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An honourable mention from the Tanzanians for Mwanza’s environmental care
Tampere provides its twin city with support in waste management knowhow

Practical training in Tanzania is part of the International Degree Programme of Environmental Engineering at the Tampere Polytechnic University of Applied Sciences and supports in an excellent way the development of Mwanza. Co-operation began already last year, and in May two more students will begin their practical training there. They will provide Mwanza with in particular with knowhow of sorting waste, composting and safe processing of biowaste, and the economic benefits of recycling.

Mwilumbwa Kibbassa (left) an environmental engineering undergraduate at the Tampere Polytechnic, University of Applied Sciences and senior lecturer Eeva-Liisa Viskari record that the temperature in test compost has reached 35 degrees Celsius.
High resolution image (543 Kb)
Photo: Kalle Heiska

During the upcoming summer Mwilumbwa Kibbassa and Reza Mziray, students at the Tampere Polytechnic University of Applied Sciences (TAMK) will be disseminating knowledge on waste sorting in ten different wards and at different schools of the city of Mwanza. They will also provide guidance in the composting of degradable waste and on recycling the compost in gardens. This in turn will serve to reduce the need for and costs of waste management, and indeed for artificial fertilizers in gardens and on farms.

Last year the Tanzanians presented an award to Tampere, their twin town, as the best developer of environmental care in the country. However, waste management continues to be a problem, especially in the fast-growing city of Mwanza (pop. 650,000), a seaport on the shores of the vast Lake Victoria. The lake covers an area equal to one sixth of Finland, and is a thoroughfare for traffic to Kenya and Uganda. The water is used as a source of drinking water and irrigating the land.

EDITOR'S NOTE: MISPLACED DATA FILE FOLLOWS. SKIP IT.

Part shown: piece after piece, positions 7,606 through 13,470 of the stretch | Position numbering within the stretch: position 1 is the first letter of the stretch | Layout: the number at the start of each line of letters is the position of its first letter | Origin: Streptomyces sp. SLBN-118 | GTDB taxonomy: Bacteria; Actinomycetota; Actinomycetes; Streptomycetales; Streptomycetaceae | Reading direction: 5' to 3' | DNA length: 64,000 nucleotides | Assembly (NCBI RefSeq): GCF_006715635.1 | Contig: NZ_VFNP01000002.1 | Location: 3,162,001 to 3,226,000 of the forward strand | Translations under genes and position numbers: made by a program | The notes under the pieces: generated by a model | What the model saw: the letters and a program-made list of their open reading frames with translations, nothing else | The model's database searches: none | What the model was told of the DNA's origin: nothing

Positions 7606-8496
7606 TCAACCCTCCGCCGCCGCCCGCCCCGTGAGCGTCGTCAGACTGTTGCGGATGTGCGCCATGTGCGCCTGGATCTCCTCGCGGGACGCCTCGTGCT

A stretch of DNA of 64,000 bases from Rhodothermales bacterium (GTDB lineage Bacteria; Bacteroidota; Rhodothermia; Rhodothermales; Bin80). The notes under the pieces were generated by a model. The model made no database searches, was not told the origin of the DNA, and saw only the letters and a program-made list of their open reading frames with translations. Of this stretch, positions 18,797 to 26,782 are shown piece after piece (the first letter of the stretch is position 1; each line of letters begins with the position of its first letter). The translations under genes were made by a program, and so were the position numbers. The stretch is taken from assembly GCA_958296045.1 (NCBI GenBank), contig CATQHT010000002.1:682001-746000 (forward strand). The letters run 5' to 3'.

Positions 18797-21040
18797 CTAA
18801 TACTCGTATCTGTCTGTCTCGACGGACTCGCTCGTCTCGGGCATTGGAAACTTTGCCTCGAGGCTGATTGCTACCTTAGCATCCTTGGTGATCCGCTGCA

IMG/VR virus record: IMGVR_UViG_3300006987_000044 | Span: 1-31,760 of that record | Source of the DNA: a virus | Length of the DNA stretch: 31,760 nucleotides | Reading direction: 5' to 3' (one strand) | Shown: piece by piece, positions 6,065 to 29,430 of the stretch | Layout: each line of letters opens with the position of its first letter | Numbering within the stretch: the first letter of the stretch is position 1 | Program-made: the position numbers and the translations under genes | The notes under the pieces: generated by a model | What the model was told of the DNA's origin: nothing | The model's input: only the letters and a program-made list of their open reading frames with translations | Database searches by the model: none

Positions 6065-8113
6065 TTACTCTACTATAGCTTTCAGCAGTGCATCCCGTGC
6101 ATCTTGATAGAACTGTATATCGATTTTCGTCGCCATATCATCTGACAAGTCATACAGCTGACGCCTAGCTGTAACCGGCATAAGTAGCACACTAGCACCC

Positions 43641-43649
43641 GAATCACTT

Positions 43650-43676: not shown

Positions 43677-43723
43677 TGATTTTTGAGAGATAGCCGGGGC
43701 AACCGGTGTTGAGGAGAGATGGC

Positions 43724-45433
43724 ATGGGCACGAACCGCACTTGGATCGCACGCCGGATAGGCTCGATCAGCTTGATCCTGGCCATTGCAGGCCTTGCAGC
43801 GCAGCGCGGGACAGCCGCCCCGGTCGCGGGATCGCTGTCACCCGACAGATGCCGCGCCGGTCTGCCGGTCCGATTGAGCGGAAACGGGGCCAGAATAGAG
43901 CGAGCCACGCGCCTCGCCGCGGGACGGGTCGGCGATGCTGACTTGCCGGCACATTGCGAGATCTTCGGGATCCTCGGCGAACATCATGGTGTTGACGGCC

Most of the waste generated in the Mwanza area is biowaste and therefore possible to compost. It is a major challenge to avoid mixing this with other waste and in general to reduce the present custom of open burning the waste, which is dangerous to the atmosphere and for respiratory organs of humans. Further challenges are posed by an increasing amount of industrial effluent and construction work along the banks of the rivers running through Mwanza into Lake Victoria and on the surrounding hills. During the spring and autumn rains especially, mixed waste and nutrients are washed into the lake.

Water from Lake Victoria is used in significant amounts as a source for potable drinking water. The lake is extremely important also as a source of food, for fisheries and for recreation. The condition of the lake is being studied among others by Venla Pesonen, a TAMK student, who is at the service of the Mwanza local government.

TAMK participates as an expert in the environmental co-operation between Tampere and Mwanza. Since 1988 exchange of experiences in several areas of local governance concerning education, fire and rescue service, city councils and central administration. The twin cities are currently working on concrete collaboration for the period 2008 – 2010, and this is aimed to include in a local government development programme of the Ministry of Foreign Affairs, Finland between North and South.

Additional information:

Tampere Polytechnic - University of Applied Sciences
Eeva-Liisa Viskari, Senior Lecturer  
Tel. +358 40 846 9452
Tampere Polytechnic - University of Applied Sciences
Venla Pesonen, Student
puh. +255 75 557 3223
City of Tampere
Riikka Juuma, Project Co-ordinator
Tel. +358 40 570 0024

Feel free to use all news. Photographs copyright Kalle Heiska.
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